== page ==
Cat Nutrition - Feeding Cats

As the leaves fall and the winter season arrives, many of us begin to plan our holiday meal shopping lists, and at the same time, to worry about all those big meals and extra calories resulting in weight gain. We as pet parents and cat lovers also should consider the diet and feeding habits of our little friends. It is a good time to reflect upon how to best feed your cat.

They are carnivores and have a very strong predatory drive (Luckily, there is a plethora of mouse toys.). They have strict requirements for certain amino acids and vitamins that need to be in their diet, which is why it is important to make sure your cat is eating a food designed for cats, not dog food or human food. (small bites of turkey or tuna are okay, but not eating 100% human food)

The majority of cats live an indoor life style and have meals planned for them by “their” human. They do not have to hunt for many small meals of mice or bugs like in the outdoors. They have food given to them on a platter, which they are not complaining about, but it puts them at increased risk of obesity from easy access to food and no need to exercise to acquire it. Additionally, we often perceive that our cats are hungry and begging for food when in fact they are bored, which can further contribute to weight gain.

It is important to remember that a cat in good body condition will live a longer, healthier, and happier life, so here are some recommendations to think about over the holidays. And yes, I would and will share a little turkey snack with my personal carnivore.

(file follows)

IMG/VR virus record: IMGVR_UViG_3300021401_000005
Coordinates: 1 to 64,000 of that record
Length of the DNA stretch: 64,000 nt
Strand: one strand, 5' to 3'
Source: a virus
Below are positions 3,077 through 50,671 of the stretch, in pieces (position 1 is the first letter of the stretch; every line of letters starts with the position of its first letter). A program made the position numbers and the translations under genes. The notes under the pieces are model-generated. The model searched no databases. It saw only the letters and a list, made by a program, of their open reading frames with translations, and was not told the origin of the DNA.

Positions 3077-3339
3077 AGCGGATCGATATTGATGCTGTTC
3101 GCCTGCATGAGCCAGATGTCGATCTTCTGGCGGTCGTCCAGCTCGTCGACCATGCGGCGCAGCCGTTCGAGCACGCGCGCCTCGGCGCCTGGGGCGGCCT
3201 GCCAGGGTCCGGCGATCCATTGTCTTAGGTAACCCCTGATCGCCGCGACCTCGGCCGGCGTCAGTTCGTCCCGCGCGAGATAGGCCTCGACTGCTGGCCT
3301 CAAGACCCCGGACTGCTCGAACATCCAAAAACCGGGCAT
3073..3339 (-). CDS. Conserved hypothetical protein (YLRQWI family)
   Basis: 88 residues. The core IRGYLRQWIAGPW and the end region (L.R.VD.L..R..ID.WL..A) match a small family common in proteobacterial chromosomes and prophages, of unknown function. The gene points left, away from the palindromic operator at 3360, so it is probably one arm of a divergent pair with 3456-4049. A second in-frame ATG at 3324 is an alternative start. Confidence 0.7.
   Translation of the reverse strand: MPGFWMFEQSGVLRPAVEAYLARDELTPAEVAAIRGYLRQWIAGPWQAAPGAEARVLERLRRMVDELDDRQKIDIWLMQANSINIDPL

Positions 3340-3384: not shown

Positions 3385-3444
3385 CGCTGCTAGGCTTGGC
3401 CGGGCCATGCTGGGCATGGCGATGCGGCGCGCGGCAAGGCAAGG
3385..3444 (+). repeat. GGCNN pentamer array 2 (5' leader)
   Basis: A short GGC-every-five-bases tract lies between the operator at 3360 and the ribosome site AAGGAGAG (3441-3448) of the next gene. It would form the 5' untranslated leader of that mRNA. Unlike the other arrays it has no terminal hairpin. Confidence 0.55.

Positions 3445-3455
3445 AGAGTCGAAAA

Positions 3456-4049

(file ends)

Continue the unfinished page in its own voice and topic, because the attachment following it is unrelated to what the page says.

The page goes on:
1) Free feeding (ie leaving a bowl of dry food out all the time) generally is a bad idea. The majority of cats will become obese.

2) In the wild, a cat would eat small frequent meals. In our homes this type of feeding can be hard to replicate, but feeding portions frequently is best to curb weight gain and mimic their natural feeding behavior. A veterinarian can help determine what a appropriate portion is for your cat, which can then by divided and fed in 2- 3 meals per day. In senior and geriatric cats, who as a group tend to have more difficulties with digestion, it is great to do even more small frequent meals if possible.

3) Temperature of food is important to cats. They prefer at body or room temperature. (No cold leftovers from the refrigerator.)

4) They love to hunt. Consider investing in a food puzzle. Cats love to hunt for their food, and they need a puzzle to figure out. Environmental enrichment is important for helping to resolve many feline health issues. Perhaps it is time to buy a robot mouse for under the holiday tree – their hunting instincts will be satisfied!

5) Cats develop very strong food preferences related to smell, taste, size, etc. It is important with kittens to expose them to a variety of flavors and textures in order to train them to have more flexibility in their diets as adults.

6) They do not like eating together. Unlike humans at dinner time, cats prefer to eat alone. It will make them less anxious and make them eat more appropriately if they have separate feeding stations.

7) Water is an important nutrient. Cats prefer separate water stations and make sure they are drinking plenty.

8) Pick a good food. Yes, I know the temptations of the pet food aisle, so many options! We all worry about the quality of our food and I am sure of your pet’s food too. I feel the most important things are to make sure you are purchasing food from a reputable company that follows AAFCO (Association of American Feed Control Officials) guidelines and to monitor for food recalls with foods and treats. The AVMA has a page that lists all the current recalls.

9) Canned Food versus Dry Kibble. Ideally a cat would have some of each type of food, but this is a conversation to have with your veterinarian. Canned food has more water and can be good for older cats or cats that have urinary or constipation concerns. While some dry foods are better for their teeth. So remember to ask what is best!

Have a wonderful winter season and Bon appétit!


Rachel Stadler, VMD